Jacoby’s Biergarten (Detroit, MI)

If there’s anything that describes Detroit’s complicated history, the phrase “boom and bust” is it. Since even it’s earliest days as a fur trapping colony, it has had a cyclic history, with hallmarks including burning almost completely to the ground in 1805 (the source of its sometimes poignant “Resurget Cineribus”, “We will rise from the ashes” part of its motto), getting rebuilt as a modern metropolitan area, becoming one of the country’s largest banking and industry centers in the Industrial Revolution, having all that collapse in the Great Depression, rebounding again in WW2 as the Arsenal of Democracy, collapsing again in the late 1960s, slowly rebuilding through the 1980s and 1990s, getting hit harder than most in the 2008 mortgage crisis, and having a rather impressive recovery as downtown Detroit reinvents itself as a modern city. Unfortunately, those rounds of rebuilding and “urban renewal” aren’t without their costs: businesses close, their buildings go idle, and in many cases, the combination of economic depression and demand for sports event parking mean that many, many historic buildings and restaurants are now… parking lots. Really old, continuously operated businesses in Detroit are pretty rare. But a notable exception to this is Jacoby’s Biergarten, which has been serving up German food and beer for well over 100 years.

Sitting in shadow east of the Wayne County Building (itself mostly vacant since 2008), around the corner from the iconic Saint Andrews Hall/Shelter music venue, Jacoby’s is still a modest, two-story saloon standing almost by itself, the surrounding buildings long gone. Walking inside, it’s almost like walking into a time capsule, since the place feels pretty old: it’s a bit dark, it’s more than a little patinated, and there’s a nice decades-old selection of random beer logos everywhere.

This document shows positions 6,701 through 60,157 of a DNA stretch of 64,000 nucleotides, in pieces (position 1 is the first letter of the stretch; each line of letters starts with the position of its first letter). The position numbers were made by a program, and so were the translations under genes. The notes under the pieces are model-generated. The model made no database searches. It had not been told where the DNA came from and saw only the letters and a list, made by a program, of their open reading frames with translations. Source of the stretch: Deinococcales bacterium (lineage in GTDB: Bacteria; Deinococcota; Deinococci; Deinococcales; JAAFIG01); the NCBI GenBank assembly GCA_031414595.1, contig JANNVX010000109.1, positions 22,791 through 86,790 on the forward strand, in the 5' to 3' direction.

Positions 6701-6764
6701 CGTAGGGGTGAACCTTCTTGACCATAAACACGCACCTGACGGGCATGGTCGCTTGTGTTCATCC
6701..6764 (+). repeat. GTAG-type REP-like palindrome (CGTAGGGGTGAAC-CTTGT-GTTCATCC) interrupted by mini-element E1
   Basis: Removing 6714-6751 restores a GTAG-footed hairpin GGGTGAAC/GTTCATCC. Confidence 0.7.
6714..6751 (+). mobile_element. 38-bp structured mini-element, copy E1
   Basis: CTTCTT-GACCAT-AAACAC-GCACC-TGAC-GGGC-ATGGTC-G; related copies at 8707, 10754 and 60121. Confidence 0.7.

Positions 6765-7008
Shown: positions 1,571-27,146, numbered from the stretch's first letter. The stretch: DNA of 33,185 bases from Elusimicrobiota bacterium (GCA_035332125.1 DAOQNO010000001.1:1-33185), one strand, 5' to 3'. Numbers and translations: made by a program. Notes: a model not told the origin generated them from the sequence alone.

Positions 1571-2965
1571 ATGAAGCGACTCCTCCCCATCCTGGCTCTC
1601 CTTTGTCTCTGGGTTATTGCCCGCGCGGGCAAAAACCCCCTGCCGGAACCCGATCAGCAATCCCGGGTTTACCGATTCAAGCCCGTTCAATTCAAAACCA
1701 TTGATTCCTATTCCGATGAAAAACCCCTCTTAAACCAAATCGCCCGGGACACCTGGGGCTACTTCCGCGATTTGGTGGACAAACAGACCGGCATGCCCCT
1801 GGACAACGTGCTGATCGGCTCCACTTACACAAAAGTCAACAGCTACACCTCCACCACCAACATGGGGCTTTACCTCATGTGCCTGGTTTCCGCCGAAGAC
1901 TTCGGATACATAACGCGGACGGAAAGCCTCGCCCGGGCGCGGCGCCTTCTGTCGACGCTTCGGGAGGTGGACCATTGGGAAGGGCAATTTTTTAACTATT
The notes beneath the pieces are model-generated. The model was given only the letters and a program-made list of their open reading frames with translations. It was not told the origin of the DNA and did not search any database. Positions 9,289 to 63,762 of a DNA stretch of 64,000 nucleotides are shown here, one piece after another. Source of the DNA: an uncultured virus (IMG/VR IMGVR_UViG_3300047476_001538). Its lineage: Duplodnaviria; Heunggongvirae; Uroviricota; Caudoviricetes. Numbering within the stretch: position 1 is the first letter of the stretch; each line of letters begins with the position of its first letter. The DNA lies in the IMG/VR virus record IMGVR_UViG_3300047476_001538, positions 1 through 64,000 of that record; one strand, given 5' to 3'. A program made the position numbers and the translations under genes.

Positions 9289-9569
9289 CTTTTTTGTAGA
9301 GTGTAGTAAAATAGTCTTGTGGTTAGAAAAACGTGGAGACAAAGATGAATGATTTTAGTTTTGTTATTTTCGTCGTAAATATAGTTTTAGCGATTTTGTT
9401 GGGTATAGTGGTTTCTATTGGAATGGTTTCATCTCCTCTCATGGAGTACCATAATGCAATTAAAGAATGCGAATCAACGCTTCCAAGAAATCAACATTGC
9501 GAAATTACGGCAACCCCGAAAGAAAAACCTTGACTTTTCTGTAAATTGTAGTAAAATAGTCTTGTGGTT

The menu at Jacoby’s is your basic “German-American Beer Hall” food: a decent selection of beers, including some of my German stalwarts like Weihenstephener, Reissdort, and Ayinger. So as a start, it’s a great place to go if you’ve got a particular German beer craving. Foodwise, it’s the classic combination of wursts, schnitzels, and a number of concessions to American palates like hamburgers and chicken fingers. Obviously, if I’m coming to a German place, I’m going to go German, selecting one of my favorite German “comfort” foods: Jaegerschnitzel. And I wasn’t disappointed: my schnitzel was a nicely-executed pork cutlet with a nice, crisp breading and a still moist interior, with a flavorful (if a bit heavy) mushroom gravy, a smattering of very crispy potato pancakes, and some red cabbage and kraut. Everything I want in a basic German dish all in one plate. Brian did a selection of wursts, and was similarly pleased.

Overall, it’s not the fanciest German place, but I’ve got to give Jacoby’s more than a little credit, having persisted through more than a century of tumult, still producing some enjoyable food. I’d be happy to come back.

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